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Roland L. Warren

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“I just learned of your loss. Dr Warren chaired my dissertation I was so fortunate to have such a brilliant and thoughtful person to guide me. You...Read More »
1 of 28 | Posted by: Mary E Davidson - San Francisco, CA

“Roland and I worked on community projects in N.Y. Later he was my academic advisor and dissertation committee member at Brandeis. A great mentor...Read More »
2 of 28 | Posted by: james callahan - newton, MA

“Musical friends sent this to me: Hi Sandra, I’m sad to hear about Roland, but as you say, “No regrets”. He lived a truly...Read More »
3 of 28 | Posted by: Sandra Seitz - Tyngsboro, MA

“Dear Robin and Family, I loved your father deeply, as a mentor and as an exceptional human being. As a Mother Teresa of Calcutta said: “...Read More »
4 of 28 | Posted by: Elisa Medina - Nashua, NH

“We were sorry to read that your father passed away. Please accept our sincere sympathy at this sad time. May your fond memories be of comfort to...Read More »
5 of 28 | Posted by: Jean & Joe Jacoppi - Tyngsboro, MA

“Robin & Family We wish to extend our heartfelt sympathy and wish you to know that our thoughts are with you. Fankie & Bill ”
6 of 28 | Posted by: Frankie & Bill - MA

“Our heartfelt condolences on the passing of your father. May you find consolation in your music. He must have been very proud of you. ”
7 of 28 | Posted by: Suzanne & Warren Barclay - Hudson, NH

“Dear Robin, Of all your dad's many accomplishments I am sure you are one of his proudest. Grieve a little now but also rejoice in all the wonders...Read More »
8 of 28 | Posted by: Jim - Braintree, MA

“Dear Robin and family- Your wonderful father will always be at your side. I am grateful for having known him as he helped open my eyes to our...Read More »
9 of 28 | Posted by: Sheila Simonds Weidlich - CT

“Robin, Having lost both my father and my father-in-law recently, I feel for what you must be going through. To live in the hearts of those left...Read More »
10 of 28 | Posted by: Charley Earley - Winterport, ME

“Robin, Our prayers are with you. ”
11 of 28 | Posted by: Lawrence and Trisha Ward - NC

“Aww Robin, I'm so sorry for your loss. I read your dad's obit and he truly, along with your mother, sounds like one of God's "special people." ...Read More »
12 of 28 | Posted by: Richie Chiasson - Salem, NH

“"Death ends a life, not a relationship." Robert Benchley. It's particularly moving and difficult when both our parents are not living here with us...Read More »
13 of 28 | Posted by: Sue West - Amherst, NH

“I was one of Dr. Warren's first students at Alfred University and took several courses from him. My major was social science and I loved being in his...Read More »
14 of 28 | Posted by: Margaret Ames Parker - FL

“We are sad to hear of Roland Warren's passing. He was such a spark in this community of Alfred. Many of us remember his strength and grace as he...Read More »
15 of 28 | Posted by: Becky Prophet - Alfred, NY, NY

“Robin, So sorry to hear of your dad's death. We were just talking about him a few months ago! He was an amazing man, that is for sure. It is...Read More »
16 of 28 | Posted by: Marjorie - Natick, MA

“Robin and family, It sounds like Roland accomplished much in his life and really made a positive difference in the world around him. Clearly he...Read More »
17 of 28 | Posted by: Jennifer Larochelle - Manchester, NH

“Robin I was saddened by the news of your Fathers sudden death. There are never the right words to express how one feels at times like this. You are...Read More »
18 of 28 | Posted by: Shirley R Small - Merrimack, NH

“Roland was a remarkable man. I met him only a few times about 20 years ago but have remembered him and his dedication to the things that matter. He...Read More »
19 of 28 | Posted by: Raymond C. Vaughan - Hamburg, NY

“Dear Robin, Reading your Dad's obituary was impressive. What a fulfilled, interesting man who led an amazing life and gave so much back to the world...Read More »
20 of 28 | Posted by: Rosemary T Clough - Hollis, NH

“Robin, We're so sorry to hear of your loss. Thank you for sharing your father's wonderful life story. Love, Laura & Brent ”
21 of 28 | Posted by: Laura & Brent Parrish - Hollis, NH

“Robin and family, I am so grateful that I met your Dad and I have great memories of my brief work with him on the music tapes. He was very talented...Read More »
22 of 28 | Posted by: Roger Kirkhart - Nashua, NH

“A remarkable and wonderful friend and mentor since 1963, who has made a positive difference in many areas of my life. He will live on with me. ”
23 of 28 | Posted by: Margaret (Meg) Newhouse - Weston, MA

“Hi Robin i am very sorry for the loss of your dad and from what you told me he is a great farther and a great friend and it will take time but we...Read More »
24 of 28 | Posted by: DANA IACOPUCCI - Somerville, MA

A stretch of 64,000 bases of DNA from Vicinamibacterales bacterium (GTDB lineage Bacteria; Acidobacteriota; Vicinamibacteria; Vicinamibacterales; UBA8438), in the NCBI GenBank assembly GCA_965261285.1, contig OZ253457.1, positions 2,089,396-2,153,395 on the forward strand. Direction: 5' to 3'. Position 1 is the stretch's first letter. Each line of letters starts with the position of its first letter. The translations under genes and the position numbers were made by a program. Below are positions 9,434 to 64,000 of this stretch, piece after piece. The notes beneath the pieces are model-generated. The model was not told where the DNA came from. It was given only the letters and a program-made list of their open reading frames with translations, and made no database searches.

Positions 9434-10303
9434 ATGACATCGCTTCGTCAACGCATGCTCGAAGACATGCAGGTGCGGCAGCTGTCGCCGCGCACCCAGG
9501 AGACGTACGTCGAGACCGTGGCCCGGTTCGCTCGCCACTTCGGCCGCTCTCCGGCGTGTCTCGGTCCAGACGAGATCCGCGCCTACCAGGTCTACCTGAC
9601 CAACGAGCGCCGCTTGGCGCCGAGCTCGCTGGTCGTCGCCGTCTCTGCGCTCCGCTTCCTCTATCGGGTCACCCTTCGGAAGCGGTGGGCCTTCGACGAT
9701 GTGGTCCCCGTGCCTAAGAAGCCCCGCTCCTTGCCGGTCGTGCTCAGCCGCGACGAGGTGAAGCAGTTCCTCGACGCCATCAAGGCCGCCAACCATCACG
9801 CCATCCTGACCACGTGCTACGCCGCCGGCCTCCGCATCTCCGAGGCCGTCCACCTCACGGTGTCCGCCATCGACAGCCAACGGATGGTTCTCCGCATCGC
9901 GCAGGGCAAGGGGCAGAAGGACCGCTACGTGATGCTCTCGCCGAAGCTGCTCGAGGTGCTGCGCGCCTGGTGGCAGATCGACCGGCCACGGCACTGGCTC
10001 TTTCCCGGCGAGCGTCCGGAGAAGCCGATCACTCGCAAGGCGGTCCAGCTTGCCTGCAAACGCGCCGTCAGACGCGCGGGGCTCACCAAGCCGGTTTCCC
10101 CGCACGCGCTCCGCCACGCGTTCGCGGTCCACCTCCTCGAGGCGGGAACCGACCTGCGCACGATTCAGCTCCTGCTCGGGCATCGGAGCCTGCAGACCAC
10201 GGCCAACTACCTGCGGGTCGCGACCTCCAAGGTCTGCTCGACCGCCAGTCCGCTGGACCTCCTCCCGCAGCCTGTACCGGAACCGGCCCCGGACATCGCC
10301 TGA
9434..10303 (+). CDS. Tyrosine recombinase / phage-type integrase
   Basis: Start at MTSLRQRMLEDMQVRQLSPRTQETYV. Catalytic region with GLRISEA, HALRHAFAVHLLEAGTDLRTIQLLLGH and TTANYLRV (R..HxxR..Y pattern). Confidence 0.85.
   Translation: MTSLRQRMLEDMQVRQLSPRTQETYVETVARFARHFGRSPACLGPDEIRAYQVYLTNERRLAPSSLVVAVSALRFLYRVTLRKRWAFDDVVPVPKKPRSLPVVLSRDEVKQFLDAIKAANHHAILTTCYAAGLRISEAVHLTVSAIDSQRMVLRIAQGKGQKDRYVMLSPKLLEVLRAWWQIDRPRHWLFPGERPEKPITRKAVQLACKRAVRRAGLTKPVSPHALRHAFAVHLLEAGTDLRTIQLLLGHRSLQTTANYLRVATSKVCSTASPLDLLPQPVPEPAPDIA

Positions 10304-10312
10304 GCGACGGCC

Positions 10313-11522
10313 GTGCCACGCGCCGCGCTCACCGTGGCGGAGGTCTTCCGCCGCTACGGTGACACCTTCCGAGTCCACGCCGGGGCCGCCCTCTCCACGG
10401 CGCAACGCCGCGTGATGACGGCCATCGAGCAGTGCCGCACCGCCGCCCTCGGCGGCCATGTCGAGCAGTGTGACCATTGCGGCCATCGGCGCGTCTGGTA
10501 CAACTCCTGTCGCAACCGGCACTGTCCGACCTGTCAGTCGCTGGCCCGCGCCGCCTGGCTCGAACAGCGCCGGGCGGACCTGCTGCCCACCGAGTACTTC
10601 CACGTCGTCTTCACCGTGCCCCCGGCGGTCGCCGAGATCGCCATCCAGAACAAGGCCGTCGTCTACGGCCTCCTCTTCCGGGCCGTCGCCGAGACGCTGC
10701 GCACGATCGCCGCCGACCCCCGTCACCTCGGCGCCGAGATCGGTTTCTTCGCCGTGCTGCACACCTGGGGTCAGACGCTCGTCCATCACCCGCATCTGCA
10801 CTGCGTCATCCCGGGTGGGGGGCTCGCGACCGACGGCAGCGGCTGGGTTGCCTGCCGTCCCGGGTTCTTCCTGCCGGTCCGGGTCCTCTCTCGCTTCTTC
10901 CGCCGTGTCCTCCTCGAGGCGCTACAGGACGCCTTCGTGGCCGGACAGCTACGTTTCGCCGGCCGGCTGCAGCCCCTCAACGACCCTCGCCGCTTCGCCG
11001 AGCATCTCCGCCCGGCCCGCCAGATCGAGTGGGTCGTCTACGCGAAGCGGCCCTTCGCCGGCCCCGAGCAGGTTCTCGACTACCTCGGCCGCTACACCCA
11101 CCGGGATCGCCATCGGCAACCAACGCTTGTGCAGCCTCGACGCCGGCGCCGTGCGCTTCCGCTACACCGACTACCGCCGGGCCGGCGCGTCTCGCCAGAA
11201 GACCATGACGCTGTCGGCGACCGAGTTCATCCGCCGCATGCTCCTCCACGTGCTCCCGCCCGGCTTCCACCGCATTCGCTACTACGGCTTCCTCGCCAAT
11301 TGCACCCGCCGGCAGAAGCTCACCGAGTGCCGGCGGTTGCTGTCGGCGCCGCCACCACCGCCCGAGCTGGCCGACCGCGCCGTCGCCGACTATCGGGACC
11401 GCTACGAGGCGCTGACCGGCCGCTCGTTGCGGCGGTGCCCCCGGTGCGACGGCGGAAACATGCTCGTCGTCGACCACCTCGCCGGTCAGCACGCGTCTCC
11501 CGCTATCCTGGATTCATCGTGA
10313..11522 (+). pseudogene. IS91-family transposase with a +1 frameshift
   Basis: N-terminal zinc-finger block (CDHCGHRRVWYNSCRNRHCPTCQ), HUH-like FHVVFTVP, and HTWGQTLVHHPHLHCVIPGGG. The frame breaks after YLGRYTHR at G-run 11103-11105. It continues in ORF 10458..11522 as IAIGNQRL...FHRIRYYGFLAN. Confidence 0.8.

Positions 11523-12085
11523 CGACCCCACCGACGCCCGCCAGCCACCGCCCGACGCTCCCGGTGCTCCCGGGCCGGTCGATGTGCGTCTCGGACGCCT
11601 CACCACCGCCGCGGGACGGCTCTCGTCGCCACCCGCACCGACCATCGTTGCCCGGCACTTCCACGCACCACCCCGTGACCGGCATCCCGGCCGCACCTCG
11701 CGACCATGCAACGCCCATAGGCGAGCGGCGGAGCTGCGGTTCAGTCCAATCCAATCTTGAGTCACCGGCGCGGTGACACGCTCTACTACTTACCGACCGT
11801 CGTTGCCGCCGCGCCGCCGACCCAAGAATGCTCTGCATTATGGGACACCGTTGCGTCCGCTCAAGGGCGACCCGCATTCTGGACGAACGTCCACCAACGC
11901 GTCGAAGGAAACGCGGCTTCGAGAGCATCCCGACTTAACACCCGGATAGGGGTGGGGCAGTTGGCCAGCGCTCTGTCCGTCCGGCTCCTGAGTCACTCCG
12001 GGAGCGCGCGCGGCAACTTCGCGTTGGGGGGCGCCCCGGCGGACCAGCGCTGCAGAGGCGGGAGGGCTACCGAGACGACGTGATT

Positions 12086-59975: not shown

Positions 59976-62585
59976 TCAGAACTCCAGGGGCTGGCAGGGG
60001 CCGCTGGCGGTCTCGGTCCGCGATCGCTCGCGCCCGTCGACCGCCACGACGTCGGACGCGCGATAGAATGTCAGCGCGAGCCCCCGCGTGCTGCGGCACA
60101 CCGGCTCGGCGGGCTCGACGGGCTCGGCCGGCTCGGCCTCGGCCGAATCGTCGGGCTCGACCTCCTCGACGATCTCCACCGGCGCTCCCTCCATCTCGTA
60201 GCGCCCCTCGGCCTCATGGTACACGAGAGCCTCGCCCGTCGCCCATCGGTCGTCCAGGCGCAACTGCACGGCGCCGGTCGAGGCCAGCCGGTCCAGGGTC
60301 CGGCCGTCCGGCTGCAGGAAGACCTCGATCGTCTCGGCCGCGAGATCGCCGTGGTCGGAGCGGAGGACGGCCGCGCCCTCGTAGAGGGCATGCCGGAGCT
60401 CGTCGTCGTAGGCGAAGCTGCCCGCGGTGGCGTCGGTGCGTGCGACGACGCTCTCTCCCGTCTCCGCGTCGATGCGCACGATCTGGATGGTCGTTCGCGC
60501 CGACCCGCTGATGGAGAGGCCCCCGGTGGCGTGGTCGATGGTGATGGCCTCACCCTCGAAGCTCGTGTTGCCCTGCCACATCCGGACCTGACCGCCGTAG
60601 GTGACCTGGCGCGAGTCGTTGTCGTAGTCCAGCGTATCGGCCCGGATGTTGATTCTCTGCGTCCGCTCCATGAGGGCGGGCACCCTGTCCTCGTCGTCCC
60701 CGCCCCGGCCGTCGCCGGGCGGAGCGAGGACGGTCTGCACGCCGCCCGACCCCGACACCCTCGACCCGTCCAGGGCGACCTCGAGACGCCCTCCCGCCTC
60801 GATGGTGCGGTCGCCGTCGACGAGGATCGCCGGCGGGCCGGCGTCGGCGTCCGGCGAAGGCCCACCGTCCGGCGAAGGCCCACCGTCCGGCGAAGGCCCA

“Robin, We're so sorry to hear of your loss. Your father certainly had a fulfilling life. You're in our thoughts. Love, Jaime, Ange and Olivia...Read More »
25 of 28 | Posted by: Jaime, Andrea and Olivia Gouveia - NH

“Dear Robin, on behalf of the entire family, we express to your our deep sorry upon the passing of your dad. Though I did not know him well, because...Read More »
26 of 28 | Posted by: Henry P. Van Hoy, II - NC

“To Robin and family, Our condolences on the loss of your Dad. He sounds like a remarkable man who led a very full life. Our thoughts are with you:( ...Read More »
27 of 28 | Posted by: Bev and Tim Fontaine - Nashua, NH

“Robin & Family: Please accept our sympathy. Your dad sounds like a remarkable man. With love, from The Browns - Maria, Steve & Alex ”
28 of 28 | Posted by: Maria Brown - Lyndeborough, NH

Roland L. Warren passed away on February 14, 2010. He was born in Islip, N. Y. on June 24, 1915, the son of Ruy W. and Jennie Simonds Warren. He spent his childhood and early youth in Brooklyn, N. Y. and did his undergraduate work at New York University, "commuting" by subway. In Heidelberg, Germany, while studying for his Ph.D., he met Margaret Armstrong Hodges, and they became engaged. In 1937 he received his doctorate in Economics, and Margaret received hers in Art History, both at the University of Heidelberg. They were married in New York City in 1938. Roland Warren began his teaching career at Hofstra University (then Hofstra College). In 1941 he and Margaret moved to Alfred, N. Y., where he taught sociology and philosophy in the Liberal Arts College, but soon devoted himself exclusively to sociology. During World War II, he saw duty as a Naval Reserve Officer on the small carrier Block Island, which was torpedoed and sank in the Atlantic on May 29, 1944. He then went with the surviving crew members to commission the new Block Island, where he saw duty in Okinawa and other Pacific engagements. After the war, he returned to Alfred and collaborated with Henry Langer in the Alfred University Area Study. At Alfred, he published his first book, Studying Your Community. He spent the academic year 1956-57 in Stuttgart, Germany, as a Guggenheim Fellow, studying citizen participation in that metropolis. He returned to Alfred for a year, and then left in 1958, to spend four years on a grant from Russell Sage Foundation as a social scientist giving research consultation to voluntary and public health and welfare agencies in Upstate New York. His book, Social Research Consultation, resulted from this activity. A Quaker, he served as American Friends Service Committee (AFSC) Quaker International Affairs Representative to East and West Germany from 1962 to 1964. He and his wife lived in Berlin, which at the time was the focus of the Cold War, and carried on peace activities in both the Federal Republic and the German Democratic Republic, engaging in interviews with high officials in both parts of Germany to promote a less hostile climate where peace could be possible. He directed International Student Seminars for the AFSC in Denmark and Austria, and International Diplomats Conferences in Switzerland. Roland served on the Board of Directors for the AFSC for several years, and he led and participated in peace missions to East Germany, North Korea, South Korea, and Nicaragua. His writings were published by Pendle Hill and in the Friends Journal. He and his family were among the founding members of Alfred Friends Meeting (Quakers) and Rye Friends Meeting in New York State. Roland returned to the United States in 1964 as Professor of Community Theory in the School for Advanced Studies in Social Welfare at Brandeis University. There, he was awarded a senior research fellowship from the National Institute of Mental Health, which permitted him the available time for research and analytic work which resulted in a series of books, entitled The Community in America; Perspectives on the American Community; Politics and the Ghettos; Truth, Love, and Social Change; Social Change and Human Purpose, and two co-authored books: The Structure of Urban Reform, and Families in the Energy Crisis. During his career, he published more than fifty articles in learned journals. In 1982 he was honored by the American Sociological Association "for outstanding academic achievements and inspiring contributions to the study of Community." Perhaps more than any other social scientist, he explained how communities exist as independent localities that are simultaneously dependent upon external, national and international forces — an understanding that still guides community research. As a boy, Roland sang in the Trinity Church Choir in New York City, and he sang a solo each week on the WJZ Children's Hour, a radio show hosted by Milton Cross. After their children were born, Roland and Margaret joined the children in learning to play musical instruments, and they played in orchestras and chamber groups in Berlin, Germany, in Alfred and Westchester County, N. Y., and in Nashua, N. H. Margaret owned a violin building and repair business for many years, and two of their children became professional musicians. On his retirement from Brandeis University, the Warrens moved back to the Alfred area, as they had planned when leaving Alfred several decades earlier, taking up residence in Andover. In his retirement, he turned to research and writing about 17th Century Massachusetts, and published Mary Coffin Starbuck and the Early History of Nantucket; Loyal Dissenter: The Life and Times of Robert Pike; and a lengthy monograph on the life and poetry of John Greenleaf Whittier, as well as several historical novels, short stories, and opinion pieces on politics, religion, behavior, and ethics. In the late 1980s Roland was instrumental in the fight to defeat the proposed placement of a nuclear waste dump in rural Allegany County, New York. At one point he led a group of seniors, "Grandparents for the Future" to chain themselves together as a blockade onto the proposed site. This was just one of many instances throughout his life in which he reinforced his strong convictions with visible action. He led a full and enriched life during which he brought his considerable intellect to bear on a wide variety of topics. He and Margaret created a family environment full of stimulation and experience. Roland could hold his own in English, German, French, Spanish, and Latin. He was an intellectual, a gentleman, a devoted husband, and a true Renaissance man. He touched many people in many ways and was a model human being. He is survived by his son David Warren (of Forbes Park, Colorado), daughter Robin Warren (of Merrimack, N. H.), grandson Michael Warren and great-grandchildren Leila and Wynn Warren (all of Larchmont, N.Y.). He was predeceased by his wife Margaret and his daughter Ursula Warren. A Memorial Gathering will be held on Tuesday, March 9, 6:00 pm, in the